Much of the slate quarried in Brazil comes from ‘sedimentary mudstone’*. At the time of writing (Spring 2013), there is some debate over the future of this type of Brazilian roofing slate.
In Summer 2012, the National House Building Council (NHBC) published a technical bulletin reminding members that any roofing slate (including that sourced from Brazil) which does not comply with BS EN 12326, will not be warrantied or insured by themselves. In February of 2013, the National Federation of Roofing Contractors (NFRC) published a warning to its members advising that Brazilian grey slate was found to be delaminating on several properties. This bulletin went on to say that Green slate from Brazil appeared not to be affected.
The current European Standard for roofing slate (BS EN 12326) applies only to slate that has been manufactured from metamorphic rock (rock that has been formed through the application of heat and pressure). It does not allow for the testing of slates manufactured from sedimentary rocks (rock formed through the application of pressure alone).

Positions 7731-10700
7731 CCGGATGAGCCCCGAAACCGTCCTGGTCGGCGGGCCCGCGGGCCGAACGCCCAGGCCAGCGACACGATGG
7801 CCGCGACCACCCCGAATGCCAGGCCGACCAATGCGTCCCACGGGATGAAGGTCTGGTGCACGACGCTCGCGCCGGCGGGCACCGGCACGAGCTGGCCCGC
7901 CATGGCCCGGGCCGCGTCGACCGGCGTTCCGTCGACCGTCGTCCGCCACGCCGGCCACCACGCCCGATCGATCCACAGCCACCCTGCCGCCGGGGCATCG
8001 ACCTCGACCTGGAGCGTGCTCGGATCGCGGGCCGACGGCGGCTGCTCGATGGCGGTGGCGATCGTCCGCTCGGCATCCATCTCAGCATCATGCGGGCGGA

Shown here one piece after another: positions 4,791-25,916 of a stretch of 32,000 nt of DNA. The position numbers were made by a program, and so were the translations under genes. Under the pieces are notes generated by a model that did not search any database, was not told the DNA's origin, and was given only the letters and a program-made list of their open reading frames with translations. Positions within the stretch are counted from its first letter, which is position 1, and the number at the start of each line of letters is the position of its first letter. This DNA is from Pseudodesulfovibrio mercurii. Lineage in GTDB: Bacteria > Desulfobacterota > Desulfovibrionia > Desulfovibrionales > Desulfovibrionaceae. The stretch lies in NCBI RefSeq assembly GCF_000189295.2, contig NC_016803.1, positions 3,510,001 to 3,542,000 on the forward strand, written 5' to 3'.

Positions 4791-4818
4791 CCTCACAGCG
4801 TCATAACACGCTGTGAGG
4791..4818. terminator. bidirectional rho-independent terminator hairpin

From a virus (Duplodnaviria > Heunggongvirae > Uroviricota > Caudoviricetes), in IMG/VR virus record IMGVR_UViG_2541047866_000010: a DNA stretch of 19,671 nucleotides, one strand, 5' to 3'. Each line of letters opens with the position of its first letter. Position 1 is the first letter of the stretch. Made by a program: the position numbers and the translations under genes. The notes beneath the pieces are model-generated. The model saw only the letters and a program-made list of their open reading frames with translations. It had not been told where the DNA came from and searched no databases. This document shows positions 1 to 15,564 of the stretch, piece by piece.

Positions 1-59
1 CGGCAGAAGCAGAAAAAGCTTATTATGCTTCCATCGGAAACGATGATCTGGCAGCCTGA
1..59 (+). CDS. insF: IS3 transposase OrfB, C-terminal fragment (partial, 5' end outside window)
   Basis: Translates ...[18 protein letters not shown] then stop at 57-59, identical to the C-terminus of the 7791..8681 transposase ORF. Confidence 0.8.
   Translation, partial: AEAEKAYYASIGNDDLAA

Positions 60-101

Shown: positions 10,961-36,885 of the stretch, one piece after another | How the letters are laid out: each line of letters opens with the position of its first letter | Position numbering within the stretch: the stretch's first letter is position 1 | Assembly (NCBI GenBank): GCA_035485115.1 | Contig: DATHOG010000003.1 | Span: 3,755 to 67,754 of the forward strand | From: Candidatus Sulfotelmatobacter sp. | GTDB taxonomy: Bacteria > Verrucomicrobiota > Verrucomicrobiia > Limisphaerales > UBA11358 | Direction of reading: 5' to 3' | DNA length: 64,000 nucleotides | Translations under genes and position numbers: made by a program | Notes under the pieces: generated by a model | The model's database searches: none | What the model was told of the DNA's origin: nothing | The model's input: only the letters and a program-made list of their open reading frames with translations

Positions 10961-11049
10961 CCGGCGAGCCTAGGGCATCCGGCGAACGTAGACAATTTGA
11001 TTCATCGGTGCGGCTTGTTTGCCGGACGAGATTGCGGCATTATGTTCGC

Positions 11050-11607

The result of these statements has ignited furious debate, the results which are confusing to all. There are clearly very good and very bad slates manufactured in every country.
There are those who point towards the high-quality Brazilian roofing slate that has been used successfully and have withstood the test of time. Others point to those suppliers who have chosen to sell cheap, low-quality Brazilian roof slates which delaminate and are not fit for purpose.
Whilst the debate for Brazilian roofing slate is likely to continue, the responsibility for solving this issue lies with the quarries and testing authorities. Between them, they must agree to the implementation of a stringent quality test that will confirm which Brazilian slate roof tiles are suitable for use.
If they fail to grab this issue, Brazilian roof slates will continue to gain a reputation for concern.
*Mudstone: A sedimentary rock that has been created through intense geological pressure being applied to sedimentary deposits. **Metamorphic Slate: A hard mudstone that has been subjected to metamorphism (intense geological pressure and geothermal heating of between 200-250degrees centigrade).